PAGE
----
Robust Role Based Routing in AngularJS

James Allardice on

The role of roles

Roles are quite an important concept in most web applications. Not all users will have access to everything and it should be easy from a development point of view to restrict access to parts of the app from certain users.

In an AngularJS application you have a choice of a couple of popular routing modules, none of which contain support for role-based routing. We wanted a solution that builds on top of the ngRoute module to allow us to specify different routes for different users.

The ngRoute module

The AngularJS team maintains an "official" routing solution in the ngRoute module. If you've ever built an Angular app you'll probably be familiar with its configuration:

In the above example we define a couple of routes. When the path of the URL in the browser matches one of the strings passed to the route provider the relevant template will be displayed. This means we can use normal links throughout our templates and Angular will take care of the rest:

The above template shows two different ways of handling routes within markup. The ngHref directive allows you to use Angular's interpolation syntax to dynamically insert a value into the URL and the normal href attribute allows you use a simple string.

There are three main deficiencies with this approach. Firstly, you have to know the exact URL for every view of your application. Secondly, if a URL was to change you'll have to search through your entire codebase and replace every occurrence of the old string with the new one. Finally, if the current user is not able to access a particular view then there will have to be logic somewhere to handle this.

Typically there are three common ways of doing so, all of which exhibit some problems:

  • You can place some logic at the top of the controller of the restricted route. This is not a great solution because the route change is allowed to go ahead and the user will experience a flash of the empty new template before quickly being redirected elsewhere.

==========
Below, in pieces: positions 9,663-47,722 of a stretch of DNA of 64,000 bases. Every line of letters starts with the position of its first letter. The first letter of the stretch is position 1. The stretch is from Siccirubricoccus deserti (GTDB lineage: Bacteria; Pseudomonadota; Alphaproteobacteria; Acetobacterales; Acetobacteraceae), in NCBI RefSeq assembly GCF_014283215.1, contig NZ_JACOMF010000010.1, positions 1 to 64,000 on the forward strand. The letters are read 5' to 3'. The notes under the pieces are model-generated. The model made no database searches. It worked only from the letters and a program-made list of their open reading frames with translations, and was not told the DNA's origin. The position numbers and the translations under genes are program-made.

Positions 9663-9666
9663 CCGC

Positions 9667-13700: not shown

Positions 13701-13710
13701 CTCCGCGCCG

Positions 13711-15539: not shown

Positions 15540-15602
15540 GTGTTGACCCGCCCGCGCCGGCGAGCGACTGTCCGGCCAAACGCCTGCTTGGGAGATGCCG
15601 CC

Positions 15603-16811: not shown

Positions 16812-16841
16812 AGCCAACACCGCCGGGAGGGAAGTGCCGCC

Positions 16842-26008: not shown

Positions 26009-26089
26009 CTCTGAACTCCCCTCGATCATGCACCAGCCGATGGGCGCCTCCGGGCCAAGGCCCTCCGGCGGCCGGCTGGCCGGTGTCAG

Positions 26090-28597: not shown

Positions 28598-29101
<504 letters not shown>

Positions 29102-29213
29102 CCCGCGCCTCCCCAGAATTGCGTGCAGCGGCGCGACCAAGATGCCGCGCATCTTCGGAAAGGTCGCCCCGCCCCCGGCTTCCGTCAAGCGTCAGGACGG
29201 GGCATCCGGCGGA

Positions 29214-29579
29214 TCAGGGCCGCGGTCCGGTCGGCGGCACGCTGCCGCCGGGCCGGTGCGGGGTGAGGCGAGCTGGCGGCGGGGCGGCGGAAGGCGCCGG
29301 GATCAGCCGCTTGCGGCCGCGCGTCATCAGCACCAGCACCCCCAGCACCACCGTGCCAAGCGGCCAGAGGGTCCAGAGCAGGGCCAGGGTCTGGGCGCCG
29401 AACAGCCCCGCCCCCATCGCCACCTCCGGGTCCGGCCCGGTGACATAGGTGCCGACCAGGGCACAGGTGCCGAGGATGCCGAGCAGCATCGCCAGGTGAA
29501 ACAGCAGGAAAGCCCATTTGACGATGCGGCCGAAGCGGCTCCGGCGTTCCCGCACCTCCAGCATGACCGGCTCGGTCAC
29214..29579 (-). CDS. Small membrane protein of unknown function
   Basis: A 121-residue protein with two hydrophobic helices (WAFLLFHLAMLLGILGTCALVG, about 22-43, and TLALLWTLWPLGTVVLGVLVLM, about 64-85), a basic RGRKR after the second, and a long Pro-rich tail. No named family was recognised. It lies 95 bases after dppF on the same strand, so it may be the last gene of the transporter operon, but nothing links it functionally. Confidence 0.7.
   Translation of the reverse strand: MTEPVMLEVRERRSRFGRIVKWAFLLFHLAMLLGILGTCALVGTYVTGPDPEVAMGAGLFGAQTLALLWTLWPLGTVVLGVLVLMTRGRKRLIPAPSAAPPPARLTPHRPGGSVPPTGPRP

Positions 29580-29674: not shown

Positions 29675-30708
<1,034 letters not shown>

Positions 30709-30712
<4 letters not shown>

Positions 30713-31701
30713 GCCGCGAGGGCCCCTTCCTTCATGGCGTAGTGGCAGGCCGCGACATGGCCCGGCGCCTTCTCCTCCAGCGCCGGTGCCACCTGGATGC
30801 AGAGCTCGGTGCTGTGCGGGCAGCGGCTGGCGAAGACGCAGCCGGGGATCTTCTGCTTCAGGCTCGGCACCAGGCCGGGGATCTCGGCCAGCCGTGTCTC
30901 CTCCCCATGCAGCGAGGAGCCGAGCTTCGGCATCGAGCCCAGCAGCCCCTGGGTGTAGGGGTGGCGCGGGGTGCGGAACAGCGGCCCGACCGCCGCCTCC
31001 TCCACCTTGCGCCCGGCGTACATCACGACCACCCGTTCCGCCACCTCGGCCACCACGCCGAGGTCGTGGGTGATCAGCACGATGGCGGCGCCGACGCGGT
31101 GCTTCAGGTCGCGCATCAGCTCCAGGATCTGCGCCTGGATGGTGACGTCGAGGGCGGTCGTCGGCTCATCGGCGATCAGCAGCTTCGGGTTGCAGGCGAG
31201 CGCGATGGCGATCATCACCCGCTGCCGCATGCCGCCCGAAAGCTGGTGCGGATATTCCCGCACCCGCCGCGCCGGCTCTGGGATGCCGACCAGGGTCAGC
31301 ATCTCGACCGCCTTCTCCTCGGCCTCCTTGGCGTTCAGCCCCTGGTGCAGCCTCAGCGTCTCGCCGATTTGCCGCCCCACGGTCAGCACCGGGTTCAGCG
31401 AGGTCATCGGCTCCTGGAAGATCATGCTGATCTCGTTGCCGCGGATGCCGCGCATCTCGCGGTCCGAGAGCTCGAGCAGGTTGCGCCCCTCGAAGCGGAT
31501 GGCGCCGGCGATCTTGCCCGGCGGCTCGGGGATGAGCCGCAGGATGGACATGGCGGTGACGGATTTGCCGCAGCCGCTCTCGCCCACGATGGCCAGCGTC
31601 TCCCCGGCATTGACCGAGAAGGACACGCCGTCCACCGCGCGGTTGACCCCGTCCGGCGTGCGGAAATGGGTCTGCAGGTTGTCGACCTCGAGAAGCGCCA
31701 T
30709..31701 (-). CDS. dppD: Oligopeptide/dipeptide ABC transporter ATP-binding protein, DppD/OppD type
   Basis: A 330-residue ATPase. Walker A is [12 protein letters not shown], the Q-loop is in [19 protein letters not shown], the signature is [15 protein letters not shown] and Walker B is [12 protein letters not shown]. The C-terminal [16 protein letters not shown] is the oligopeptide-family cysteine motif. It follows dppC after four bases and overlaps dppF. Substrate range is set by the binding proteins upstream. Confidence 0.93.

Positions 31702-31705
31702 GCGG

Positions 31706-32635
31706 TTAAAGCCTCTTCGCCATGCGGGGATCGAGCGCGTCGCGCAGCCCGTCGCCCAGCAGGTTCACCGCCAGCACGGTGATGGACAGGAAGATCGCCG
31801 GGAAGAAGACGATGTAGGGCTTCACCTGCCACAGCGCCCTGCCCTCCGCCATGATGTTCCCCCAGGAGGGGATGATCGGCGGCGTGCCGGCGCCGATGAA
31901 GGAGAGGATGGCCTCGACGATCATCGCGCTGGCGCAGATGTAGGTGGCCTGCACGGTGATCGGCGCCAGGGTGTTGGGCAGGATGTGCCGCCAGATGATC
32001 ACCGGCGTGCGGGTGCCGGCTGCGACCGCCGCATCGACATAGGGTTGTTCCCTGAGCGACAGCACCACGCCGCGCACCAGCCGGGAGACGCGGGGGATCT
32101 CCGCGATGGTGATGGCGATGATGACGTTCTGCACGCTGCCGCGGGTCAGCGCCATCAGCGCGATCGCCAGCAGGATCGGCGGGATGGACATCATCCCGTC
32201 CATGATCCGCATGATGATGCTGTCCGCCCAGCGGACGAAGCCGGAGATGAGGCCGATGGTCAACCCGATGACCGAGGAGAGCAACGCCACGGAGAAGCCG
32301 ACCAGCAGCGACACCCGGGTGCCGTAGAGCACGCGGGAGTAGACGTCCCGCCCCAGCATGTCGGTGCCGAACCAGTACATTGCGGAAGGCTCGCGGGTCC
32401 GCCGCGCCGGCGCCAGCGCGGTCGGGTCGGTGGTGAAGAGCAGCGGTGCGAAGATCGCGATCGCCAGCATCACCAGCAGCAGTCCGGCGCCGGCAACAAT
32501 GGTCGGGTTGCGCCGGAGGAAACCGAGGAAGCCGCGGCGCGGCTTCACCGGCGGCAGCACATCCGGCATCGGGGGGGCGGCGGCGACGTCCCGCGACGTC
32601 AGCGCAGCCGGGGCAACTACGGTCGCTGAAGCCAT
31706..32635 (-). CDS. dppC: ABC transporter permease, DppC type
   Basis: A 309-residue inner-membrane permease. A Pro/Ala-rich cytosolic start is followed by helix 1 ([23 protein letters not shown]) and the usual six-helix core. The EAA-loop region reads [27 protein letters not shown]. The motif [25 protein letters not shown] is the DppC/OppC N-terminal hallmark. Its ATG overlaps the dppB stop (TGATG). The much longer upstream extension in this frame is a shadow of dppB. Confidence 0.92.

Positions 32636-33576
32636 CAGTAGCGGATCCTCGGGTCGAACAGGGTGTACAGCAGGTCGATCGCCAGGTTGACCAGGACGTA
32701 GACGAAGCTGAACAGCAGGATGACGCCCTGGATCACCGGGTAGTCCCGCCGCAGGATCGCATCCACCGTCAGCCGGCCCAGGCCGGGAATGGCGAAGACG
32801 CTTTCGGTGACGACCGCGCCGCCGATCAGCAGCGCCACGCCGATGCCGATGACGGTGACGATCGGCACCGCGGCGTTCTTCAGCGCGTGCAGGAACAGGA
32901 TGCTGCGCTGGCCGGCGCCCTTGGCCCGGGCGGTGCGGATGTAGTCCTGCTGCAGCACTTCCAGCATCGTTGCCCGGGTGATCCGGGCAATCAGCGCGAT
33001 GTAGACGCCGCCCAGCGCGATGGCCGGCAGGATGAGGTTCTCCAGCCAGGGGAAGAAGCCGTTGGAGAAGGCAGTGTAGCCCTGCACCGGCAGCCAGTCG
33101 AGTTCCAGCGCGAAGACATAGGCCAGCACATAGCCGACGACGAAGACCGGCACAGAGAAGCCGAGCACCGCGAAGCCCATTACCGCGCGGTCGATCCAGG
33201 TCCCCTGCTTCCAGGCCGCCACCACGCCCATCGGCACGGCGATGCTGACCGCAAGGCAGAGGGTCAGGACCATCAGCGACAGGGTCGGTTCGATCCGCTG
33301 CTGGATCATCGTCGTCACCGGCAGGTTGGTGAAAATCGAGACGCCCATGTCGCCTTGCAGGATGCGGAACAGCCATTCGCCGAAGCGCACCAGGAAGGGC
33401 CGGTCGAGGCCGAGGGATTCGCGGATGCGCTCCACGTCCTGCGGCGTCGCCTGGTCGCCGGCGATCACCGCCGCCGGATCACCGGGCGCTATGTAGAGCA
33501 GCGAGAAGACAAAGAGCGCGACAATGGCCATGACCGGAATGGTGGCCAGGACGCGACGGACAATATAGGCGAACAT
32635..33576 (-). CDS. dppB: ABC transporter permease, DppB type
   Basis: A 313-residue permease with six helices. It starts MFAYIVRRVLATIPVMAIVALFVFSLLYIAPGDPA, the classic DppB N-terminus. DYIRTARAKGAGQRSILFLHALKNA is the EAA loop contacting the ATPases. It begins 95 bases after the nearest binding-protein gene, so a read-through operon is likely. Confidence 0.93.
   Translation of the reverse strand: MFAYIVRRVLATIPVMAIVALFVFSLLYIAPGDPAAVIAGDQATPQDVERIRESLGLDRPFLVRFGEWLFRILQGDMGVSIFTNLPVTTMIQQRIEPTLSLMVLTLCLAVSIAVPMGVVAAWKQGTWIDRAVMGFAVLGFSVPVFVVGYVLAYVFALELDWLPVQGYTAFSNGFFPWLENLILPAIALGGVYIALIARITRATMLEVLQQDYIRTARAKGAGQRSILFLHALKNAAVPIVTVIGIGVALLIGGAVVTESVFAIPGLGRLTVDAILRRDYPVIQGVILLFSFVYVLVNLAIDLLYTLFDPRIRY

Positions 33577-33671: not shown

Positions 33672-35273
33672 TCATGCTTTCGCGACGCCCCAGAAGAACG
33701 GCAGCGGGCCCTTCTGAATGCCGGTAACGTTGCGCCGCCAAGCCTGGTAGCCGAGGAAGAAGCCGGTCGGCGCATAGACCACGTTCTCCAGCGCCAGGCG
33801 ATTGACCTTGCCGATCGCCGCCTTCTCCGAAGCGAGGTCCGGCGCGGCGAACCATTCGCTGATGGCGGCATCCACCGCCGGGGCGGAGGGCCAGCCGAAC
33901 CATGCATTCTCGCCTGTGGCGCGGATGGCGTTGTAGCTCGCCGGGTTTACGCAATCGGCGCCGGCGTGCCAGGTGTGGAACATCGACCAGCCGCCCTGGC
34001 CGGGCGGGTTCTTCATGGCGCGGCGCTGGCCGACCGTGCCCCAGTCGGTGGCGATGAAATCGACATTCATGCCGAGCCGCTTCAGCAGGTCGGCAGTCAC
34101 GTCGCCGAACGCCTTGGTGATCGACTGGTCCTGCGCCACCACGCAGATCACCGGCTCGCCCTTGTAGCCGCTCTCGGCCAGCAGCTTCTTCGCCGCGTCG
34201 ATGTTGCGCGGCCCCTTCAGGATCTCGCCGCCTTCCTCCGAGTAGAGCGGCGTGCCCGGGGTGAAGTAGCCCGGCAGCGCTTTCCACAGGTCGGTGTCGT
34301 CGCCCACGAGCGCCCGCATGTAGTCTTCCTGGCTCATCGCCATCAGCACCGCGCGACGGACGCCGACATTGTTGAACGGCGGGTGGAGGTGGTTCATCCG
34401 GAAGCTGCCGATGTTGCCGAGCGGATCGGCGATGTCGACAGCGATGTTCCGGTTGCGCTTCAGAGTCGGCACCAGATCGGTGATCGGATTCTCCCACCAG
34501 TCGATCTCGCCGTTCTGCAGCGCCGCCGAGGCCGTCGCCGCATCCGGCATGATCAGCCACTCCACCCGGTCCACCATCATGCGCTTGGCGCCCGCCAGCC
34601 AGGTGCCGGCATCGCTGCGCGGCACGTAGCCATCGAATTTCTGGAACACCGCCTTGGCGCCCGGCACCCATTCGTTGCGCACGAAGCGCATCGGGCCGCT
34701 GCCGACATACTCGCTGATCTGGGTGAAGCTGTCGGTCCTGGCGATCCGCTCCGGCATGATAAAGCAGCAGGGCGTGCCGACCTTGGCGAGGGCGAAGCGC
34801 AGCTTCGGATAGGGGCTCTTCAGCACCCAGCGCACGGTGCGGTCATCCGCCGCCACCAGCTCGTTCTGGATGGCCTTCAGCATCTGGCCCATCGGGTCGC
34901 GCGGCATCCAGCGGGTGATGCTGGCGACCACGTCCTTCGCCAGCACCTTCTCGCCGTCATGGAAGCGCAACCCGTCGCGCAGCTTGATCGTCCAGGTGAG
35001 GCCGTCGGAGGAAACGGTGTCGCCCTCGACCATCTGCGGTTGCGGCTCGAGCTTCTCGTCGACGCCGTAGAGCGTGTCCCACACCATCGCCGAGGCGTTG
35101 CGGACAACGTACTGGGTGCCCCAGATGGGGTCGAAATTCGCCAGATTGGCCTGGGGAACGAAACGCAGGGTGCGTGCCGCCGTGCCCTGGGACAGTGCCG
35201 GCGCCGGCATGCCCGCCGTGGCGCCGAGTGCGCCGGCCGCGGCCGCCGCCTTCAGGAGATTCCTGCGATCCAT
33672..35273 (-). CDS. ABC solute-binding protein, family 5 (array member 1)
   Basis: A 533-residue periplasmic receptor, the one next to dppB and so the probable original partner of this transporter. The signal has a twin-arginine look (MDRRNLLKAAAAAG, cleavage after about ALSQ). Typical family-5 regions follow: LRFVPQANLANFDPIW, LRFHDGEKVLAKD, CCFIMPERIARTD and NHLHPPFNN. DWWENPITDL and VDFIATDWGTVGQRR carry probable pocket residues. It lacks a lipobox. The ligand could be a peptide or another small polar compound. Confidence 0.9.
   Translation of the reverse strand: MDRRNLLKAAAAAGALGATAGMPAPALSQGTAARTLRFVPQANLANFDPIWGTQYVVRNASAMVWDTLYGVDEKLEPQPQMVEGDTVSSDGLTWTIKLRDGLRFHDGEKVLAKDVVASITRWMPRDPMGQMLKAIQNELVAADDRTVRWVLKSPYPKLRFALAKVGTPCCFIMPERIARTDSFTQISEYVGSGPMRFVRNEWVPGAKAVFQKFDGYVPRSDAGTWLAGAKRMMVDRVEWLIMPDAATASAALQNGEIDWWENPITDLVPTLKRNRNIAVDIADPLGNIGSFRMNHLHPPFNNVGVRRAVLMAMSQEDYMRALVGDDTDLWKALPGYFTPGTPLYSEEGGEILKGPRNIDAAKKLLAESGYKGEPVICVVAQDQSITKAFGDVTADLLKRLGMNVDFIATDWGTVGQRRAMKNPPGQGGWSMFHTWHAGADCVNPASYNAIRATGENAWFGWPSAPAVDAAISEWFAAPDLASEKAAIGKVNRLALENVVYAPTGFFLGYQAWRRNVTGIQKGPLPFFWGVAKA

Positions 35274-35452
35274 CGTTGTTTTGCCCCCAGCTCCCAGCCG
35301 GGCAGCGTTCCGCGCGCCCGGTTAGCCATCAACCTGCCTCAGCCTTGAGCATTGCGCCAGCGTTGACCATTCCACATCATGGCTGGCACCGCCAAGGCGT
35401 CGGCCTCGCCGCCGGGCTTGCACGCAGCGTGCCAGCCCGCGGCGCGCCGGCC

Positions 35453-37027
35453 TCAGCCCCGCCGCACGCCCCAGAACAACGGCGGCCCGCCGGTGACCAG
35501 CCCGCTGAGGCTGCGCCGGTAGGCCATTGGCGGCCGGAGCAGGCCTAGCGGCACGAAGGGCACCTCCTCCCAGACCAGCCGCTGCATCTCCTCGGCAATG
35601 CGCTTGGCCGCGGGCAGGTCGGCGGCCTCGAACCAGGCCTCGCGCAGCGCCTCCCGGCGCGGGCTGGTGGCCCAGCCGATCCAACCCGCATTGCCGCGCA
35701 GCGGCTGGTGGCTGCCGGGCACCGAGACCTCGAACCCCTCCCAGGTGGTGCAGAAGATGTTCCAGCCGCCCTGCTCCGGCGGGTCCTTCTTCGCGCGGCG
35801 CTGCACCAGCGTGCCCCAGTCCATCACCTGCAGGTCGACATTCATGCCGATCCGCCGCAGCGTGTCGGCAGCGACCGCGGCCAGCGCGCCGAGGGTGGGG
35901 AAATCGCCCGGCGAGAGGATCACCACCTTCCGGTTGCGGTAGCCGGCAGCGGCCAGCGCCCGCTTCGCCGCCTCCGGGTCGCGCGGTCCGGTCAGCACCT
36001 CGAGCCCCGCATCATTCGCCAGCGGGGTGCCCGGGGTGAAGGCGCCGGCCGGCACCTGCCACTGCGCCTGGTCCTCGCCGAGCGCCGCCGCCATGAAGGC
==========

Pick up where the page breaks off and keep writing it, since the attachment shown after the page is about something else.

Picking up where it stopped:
• You can use a location change event handler and prevent the default action if it should not be allowed. This approach is poorly documented and difficult to get working. Of particular confusion is the inability to use a route change event handler.

  • You can define different routes for each type of user and use the ngIf or ngShow directives to display different links appropriately. This leads to bloated markup and the potential for users to briefly see links that they shouldn't if you don't properly cloak them until your controller is ready.

Introducing the mmRoute module

We built the mmRoute module with those three concerns in mind. Instead of attempting to be a complete routing solution it builds on top of ngRoute which means you already know most of what you need to configure it and it benefits from the stability of code that is used in production across the web.

The service is configured via its provider in your app config just as the ngRoute service is. However, instead of focusing on URLs the configuration focuses on roles. Roles are configured via the provider too and would generally come from the server. For example, when the user logs in to your app you could generate a JavaScript snippet containing an Angular module config function and output it onto the page.

Notice how in the above example the mmRoute service is exposed on the root scope. Because Angular scopes prototypically inherit from the root scope this means we are able to access mmRoute as routes in any descendant scope. We can rewrite the "account" view from above as follows:

This time we don't have any hard-coded URLs. Instead we ask the mmRoute service to get the relevant URL for each feature based on the roles available to the active user.

You can install the module through Bower with bower install ng-mm-route and it's also available on GitHub. We're always happy to hear feedback and accept improvements to our projects. Don't hesitate to fork it and send us back pull requests if you have any modifications.